Many years ago, I read a mind-bending book by Bill Bryson. But I did so a full decade after the best-selling author first wrote it. Surprisingly, I later learned that the book didn’t get as much coverage as his earlier travel books. “I gotta share this,” I said to myself. So I reached out to several newspaper editors with whom I worked with—none of which had covered the book—about doing a retrospective review. Their collective reply, “Sorry, we don’t review old books.”
In other words, modern journalism only touches recent “news,” however you define that. In art’s case, that usually means weeks or months, and typically never more than a few months old. Journalism, you see, is built on helping readers process the recent world—in many cases without context to our past. It’s almost as if they’re saying, “You’re on your own for anything good that’s older than a year, but we’ll help you find the good stuff coming out of the firehose right now.”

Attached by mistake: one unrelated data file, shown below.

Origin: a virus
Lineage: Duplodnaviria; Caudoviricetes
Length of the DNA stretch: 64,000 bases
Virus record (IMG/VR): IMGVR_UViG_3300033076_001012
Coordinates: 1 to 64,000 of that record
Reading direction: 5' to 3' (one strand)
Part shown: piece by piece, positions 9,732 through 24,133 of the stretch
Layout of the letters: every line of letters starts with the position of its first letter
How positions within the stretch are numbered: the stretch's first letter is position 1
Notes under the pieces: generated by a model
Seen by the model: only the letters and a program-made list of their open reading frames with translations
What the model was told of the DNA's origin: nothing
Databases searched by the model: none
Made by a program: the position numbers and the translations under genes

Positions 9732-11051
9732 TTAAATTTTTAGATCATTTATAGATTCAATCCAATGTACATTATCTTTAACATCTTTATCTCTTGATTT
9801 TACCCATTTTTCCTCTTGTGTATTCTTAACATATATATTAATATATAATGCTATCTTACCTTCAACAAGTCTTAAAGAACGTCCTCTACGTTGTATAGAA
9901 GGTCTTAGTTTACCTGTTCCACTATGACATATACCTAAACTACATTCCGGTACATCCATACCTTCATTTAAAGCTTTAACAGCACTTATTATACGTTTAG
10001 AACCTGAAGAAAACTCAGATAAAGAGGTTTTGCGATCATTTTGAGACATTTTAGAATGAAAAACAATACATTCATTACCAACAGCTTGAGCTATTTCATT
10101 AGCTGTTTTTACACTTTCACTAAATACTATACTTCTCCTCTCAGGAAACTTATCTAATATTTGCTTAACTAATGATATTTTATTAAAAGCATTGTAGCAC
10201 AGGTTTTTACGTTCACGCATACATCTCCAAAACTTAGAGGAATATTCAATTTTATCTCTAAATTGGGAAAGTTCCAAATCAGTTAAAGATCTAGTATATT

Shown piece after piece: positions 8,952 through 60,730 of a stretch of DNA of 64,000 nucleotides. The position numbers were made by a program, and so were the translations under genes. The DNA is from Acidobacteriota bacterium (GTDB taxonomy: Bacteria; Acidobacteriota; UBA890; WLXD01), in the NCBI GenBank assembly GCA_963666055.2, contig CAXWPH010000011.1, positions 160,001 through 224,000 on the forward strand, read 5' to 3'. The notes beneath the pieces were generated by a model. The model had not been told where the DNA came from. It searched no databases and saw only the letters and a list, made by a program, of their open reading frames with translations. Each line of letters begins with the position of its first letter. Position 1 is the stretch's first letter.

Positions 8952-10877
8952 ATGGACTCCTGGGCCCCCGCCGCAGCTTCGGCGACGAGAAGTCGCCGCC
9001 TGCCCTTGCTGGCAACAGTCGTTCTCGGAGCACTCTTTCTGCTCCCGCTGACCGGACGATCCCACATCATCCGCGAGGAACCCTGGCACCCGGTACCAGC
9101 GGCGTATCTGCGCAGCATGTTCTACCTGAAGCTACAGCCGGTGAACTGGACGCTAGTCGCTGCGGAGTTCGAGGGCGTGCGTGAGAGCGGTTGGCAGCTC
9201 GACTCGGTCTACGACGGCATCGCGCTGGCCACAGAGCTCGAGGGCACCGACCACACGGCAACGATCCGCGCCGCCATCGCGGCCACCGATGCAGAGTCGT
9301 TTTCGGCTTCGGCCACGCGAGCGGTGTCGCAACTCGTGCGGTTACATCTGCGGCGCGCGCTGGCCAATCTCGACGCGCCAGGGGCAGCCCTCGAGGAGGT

That’s negligent at best, narrow-minded at worst.
As journalists, how can we inform society if we fail to critique some of our “greatest hits” from the past? The answer is we can’t. While recent happenings have always been the focus of “news,” it shouldn’t come at the expense of celebrating, elevating, or criticizing some of humanity’s most viral ideas and works, especially for newer generations who weren’t around when that once important news dropped off the feed.